The Drunk Girl And The #MeToo Movement

white blanket on bed near window
Masaaki Komori / Unsplash

I grew up believing that “inappropriate” clothes meant that you were asking for it and if you were taken advantage of while drunk, you deserved it. You know what I mean—the girl is to always blame—boys will be boys, after all. My opinions and beliefs have changed, yet sometimes the old thinking takes over—if only out of habit.

As the movement started, I watched as women declared #MeToo and found strength in each other. Even though I related to their stories, I felt left out. I wanted to draw from their strength but #MeToo made me uncomfortable. My burden weighed heavily. I wanted the freedom that those two words—five simple letters—represented.

I cried as it happened. My slurred no’s may have sounded like permission, but it didn’t make it OK. After years of reminding myself that no one believes the drunk girl, I’m letting go. I have learned that it doesn’t matter if they believe me.

With my new found freedom, this Sober Girl is finally saying #MeToo.

Emboldened by watching my sisters break their silence—I am dropping my pain and losing my shame. The pain is no longer mine to carry. I am not the one to blame. I was taken advantage of and treated like an object—as if his desires outweighed my soul. He called me a whore to clear his conscience. I know that now.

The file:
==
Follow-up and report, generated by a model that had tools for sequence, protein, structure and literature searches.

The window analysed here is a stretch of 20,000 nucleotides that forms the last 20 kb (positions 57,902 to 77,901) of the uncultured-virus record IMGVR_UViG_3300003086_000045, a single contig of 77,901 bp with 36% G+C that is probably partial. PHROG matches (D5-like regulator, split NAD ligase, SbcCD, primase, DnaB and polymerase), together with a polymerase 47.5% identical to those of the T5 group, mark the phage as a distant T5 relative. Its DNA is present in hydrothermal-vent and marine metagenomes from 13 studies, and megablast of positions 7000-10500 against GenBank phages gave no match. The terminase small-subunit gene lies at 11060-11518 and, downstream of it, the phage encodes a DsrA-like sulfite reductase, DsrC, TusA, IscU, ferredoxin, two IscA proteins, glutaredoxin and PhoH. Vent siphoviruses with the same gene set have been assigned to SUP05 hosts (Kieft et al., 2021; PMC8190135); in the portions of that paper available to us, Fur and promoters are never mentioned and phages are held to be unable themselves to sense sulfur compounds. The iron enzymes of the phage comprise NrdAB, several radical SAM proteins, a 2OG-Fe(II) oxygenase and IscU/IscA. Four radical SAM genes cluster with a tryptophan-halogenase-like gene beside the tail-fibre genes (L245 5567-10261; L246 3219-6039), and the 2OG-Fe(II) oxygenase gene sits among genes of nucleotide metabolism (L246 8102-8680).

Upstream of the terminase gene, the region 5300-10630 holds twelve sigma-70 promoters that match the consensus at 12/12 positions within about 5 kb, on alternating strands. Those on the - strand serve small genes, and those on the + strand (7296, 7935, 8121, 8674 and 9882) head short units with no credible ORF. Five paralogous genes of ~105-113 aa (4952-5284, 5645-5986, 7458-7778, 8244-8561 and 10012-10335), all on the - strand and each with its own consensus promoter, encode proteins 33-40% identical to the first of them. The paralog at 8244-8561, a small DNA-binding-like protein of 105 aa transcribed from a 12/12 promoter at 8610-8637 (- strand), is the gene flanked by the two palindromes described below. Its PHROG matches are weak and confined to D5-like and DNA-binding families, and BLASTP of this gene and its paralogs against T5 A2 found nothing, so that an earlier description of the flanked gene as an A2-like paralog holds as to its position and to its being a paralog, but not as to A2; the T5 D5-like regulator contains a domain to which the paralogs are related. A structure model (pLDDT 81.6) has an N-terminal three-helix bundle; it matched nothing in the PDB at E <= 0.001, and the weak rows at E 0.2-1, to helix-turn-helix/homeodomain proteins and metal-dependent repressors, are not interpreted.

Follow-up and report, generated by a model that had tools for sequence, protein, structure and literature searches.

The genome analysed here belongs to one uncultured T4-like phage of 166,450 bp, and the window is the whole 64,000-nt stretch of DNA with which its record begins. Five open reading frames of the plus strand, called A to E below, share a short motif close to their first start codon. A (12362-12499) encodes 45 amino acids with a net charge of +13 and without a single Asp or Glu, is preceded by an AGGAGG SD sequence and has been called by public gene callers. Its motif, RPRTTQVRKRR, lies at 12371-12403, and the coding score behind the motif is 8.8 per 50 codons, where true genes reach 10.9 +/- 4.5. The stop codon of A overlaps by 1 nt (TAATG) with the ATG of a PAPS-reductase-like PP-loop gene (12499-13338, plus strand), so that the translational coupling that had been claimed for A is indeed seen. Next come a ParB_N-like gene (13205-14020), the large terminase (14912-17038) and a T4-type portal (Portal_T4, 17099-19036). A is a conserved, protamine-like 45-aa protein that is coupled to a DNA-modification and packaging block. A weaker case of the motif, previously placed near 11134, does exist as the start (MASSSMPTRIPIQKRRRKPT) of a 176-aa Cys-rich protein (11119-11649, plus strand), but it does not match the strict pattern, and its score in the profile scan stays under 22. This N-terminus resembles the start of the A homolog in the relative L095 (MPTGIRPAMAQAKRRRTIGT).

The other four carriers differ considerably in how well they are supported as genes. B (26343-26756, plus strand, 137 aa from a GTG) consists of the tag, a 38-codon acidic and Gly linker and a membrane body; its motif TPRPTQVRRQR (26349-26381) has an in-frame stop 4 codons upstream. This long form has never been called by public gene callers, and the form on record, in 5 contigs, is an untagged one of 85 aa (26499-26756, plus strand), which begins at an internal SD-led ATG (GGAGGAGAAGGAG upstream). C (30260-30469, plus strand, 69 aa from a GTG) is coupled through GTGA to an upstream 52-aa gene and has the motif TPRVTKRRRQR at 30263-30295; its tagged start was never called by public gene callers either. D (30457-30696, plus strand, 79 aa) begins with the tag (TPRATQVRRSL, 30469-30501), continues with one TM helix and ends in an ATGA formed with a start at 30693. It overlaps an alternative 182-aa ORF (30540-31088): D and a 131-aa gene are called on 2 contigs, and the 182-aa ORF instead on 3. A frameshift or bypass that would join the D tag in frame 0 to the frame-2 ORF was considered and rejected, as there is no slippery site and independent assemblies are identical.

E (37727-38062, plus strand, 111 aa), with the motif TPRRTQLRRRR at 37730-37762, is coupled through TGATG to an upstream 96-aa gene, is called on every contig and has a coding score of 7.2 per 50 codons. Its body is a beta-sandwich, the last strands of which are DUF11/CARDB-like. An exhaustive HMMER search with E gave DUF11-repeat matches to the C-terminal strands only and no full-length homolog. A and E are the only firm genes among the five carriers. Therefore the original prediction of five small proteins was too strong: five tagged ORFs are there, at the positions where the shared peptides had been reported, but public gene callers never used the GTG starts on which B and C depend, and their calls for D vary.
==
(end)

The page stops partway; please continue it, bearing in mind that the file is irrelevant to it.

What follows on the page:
The #MeToo movement is more than rape—it’s about sexual assault of all forms. It’s women declaring enough is enough. You do not get to make a remark about my outfit, or creepily comment on my choice of ice cream. You do not get to insert yourself into my world, uninvited—like I owe you something. You don’t get to touch me because you’re your boss. Even if you’re my significant other, you do not own my body.

More importantly: you do not have the right to take advantage of me simply because I drank too much.

Slipping into that dress didn’t make me fair game. When drinking alcohol I was conceding to a hangover, possibly a loss of memory. I was not surrendering myself to you.

The #MeToo movement isn’t calling into question our drinking habits or our clothing choices—it’s calling into question the decisions someone else made for us. The decision he made to keep going through the tears and ignoring the no’s. The decision that he deserved it even though you were unable to form a sentence.

For those of you still uncomfortable with #MeToo, know this: I believe you. What you drank, what you took, what you wore; you were not asking for it, and you did not deserve it. No one does. TC mark

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